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Californian man hacked iCloud accounts, stole nude photos

Hao Kou Chi, a Californian man apparently hacked iCloud accounts in order to steal nude photos, by impersonating an Apple customer support technician. He was apparently involved in a large-scale email campaign, stealing people’s iCloud passwords in a bid to break into their accounts and collect data more than 620,000 private videos and photos.


Man hacked iCloud nude photos
Image Credits: Apple

The 40-year old from La Puente has pleaded guilty to his four felonies, which include conspiring to gain unauthorized access to computers, in order to go through with his plans of stealing and sharing nude images of young women.

As per reports by the Los Angeles Times, Chi has admitted that he marketed himself as a hacker-for-hire, who could help people break into iCloud accounts, making use of the moniker “icloudripper4you.” This would be followed by him duping people into telling him their iCloud IDs as well as passwords. He would use the same to steal photos and videos stored on iCloud accounts. He has added that he isn’t even aware of who was involved in the scam.

A Teaser For What’s To Come?

The case brings to light the inherent risks that storing data on cloud services carries. Cybercriminals are fast be coming experts at designing and launching socially engineered phishing campaigns, that are looking increasingly convincing, much to the concern of users.

Meanwhile, since the company in question is Apple, which has recently been at the receiving end of major flak, owing to its upcoming CSAM scanning tool. The product will apparently be capable of scanning photos and videos stored onto users’ iCloud accounts for detecting CSAM, and privacy groups like the Electronic Frontier Foundation have taken issue with the same.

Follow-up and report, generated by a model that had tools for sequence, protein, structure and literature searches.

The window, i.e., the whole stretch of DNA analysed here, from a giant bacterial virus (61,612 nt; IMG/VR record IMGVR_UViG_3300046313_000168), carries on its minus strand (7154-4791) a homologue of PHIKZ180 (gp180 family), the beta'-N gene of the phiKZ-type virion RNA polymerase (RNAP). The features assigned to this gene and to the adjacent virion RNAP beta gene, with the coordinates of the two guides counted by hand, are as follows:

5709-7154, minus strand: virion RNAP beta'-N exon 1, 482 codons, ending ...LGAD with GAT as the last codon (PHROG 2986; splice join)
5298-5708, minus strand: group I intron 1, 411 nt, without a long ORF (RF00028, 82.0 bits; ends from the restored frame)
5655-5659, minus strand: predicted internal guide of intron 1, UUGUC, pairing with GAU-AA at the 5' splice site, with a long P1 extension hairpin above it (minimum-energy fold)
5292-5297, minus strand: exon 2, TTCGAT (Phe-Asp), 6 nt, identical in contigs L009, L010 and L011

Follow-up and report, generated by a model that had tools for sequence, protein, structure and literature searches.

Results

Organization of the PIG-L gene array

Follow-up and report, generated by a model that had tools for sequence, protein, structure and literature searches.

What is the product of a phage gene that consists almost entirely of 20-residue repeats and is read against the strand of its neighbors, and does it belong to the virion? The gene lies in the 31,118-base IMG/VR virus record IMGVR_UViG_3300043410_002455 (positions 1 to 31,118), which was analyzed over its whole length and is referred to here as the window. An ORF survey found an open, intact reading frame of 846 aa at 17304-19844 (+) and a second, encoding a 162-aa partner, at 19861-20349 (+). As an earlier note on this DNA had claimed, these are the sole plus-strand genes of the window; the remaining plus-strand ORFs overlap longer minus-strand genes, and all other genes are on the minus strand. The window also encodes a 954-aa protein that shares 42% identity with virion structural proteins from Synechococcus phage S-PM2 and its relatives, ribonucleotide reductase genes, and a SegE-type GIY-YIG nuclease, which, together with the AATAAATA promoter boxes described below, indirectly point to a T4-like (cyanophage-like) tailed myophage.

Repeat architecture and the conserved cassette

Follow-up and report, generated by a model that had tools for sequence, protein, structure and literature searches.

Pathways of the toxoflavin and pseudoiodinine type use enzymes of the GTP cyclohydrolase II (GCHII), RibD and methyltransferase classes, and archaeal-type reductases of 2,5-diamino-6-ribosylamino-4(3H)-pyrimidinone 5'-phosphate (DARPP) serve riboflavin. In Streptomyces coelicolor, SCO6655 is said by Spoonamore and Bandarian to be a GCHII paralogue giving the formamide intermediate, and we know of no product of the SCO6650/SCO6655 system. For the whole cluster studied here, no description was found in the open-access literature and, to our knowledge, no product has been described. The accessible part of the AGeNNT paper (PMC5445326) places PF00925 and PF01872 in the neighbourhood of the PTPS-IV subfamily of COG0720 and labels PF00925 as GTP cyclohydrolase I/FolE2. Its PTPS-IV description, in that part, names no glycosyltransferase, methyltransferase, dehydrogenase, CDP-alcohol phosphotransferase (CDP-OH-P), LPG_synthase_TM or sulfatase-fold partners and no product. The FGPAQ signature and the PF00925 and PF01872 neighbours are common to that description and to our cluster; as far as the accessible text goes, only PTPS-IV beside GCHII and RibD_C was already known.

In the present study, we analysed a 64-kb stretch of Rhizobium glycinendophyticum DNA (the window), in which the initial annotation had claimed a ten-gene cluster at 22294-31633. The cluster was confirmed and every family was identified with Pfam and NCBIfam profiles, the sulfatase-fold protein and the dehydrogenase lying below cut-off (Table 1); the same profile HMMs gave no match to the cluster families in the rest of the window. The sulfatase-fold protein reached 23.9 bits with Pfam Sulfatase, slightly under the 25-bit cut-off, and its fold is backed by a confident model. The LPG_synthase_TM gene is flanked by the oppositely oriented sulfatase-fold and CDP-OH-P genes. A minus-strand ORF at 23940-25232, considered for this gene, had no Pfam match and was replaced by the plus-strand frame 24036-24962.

According to the Foundation, flagging CSAM images will apparently result in client-side access being allowed, essentially defeating the purpose of end-to-end encryption. This, they assert, will create a data backdoor, opening iCloud to many more, and greater, security risks.

Used Dropbox To Share Files

At the same time, Chi himself did not use any security flaws to carry out his plans, and instead, relied on two Gmail accounts to fool people. The two accounts were “applebackupicloud” and “backupagenticloud,” respectively. Combined, the two accounts together have 500,000 emails, 4,700 of which contained iCloud login credentials of people.

Once he got his hands on a person’s iCloud credentials, he would break into their account, at the request of whoever had put him up to the task. Dropbox was used for sharing the photos, with Chi’s end containing as many as 620,000 photos and 9,000 videos.

Chi’s activities came to light in March 2018, when a California firm that specializes in taking down celebrity photos from the internet, notified an unidentified public figure of their nude photos being circulated on porn websites. The photos were later found to have been stored on iCloud. Following his guilty plea, Chi now faces up to 5 years in prison.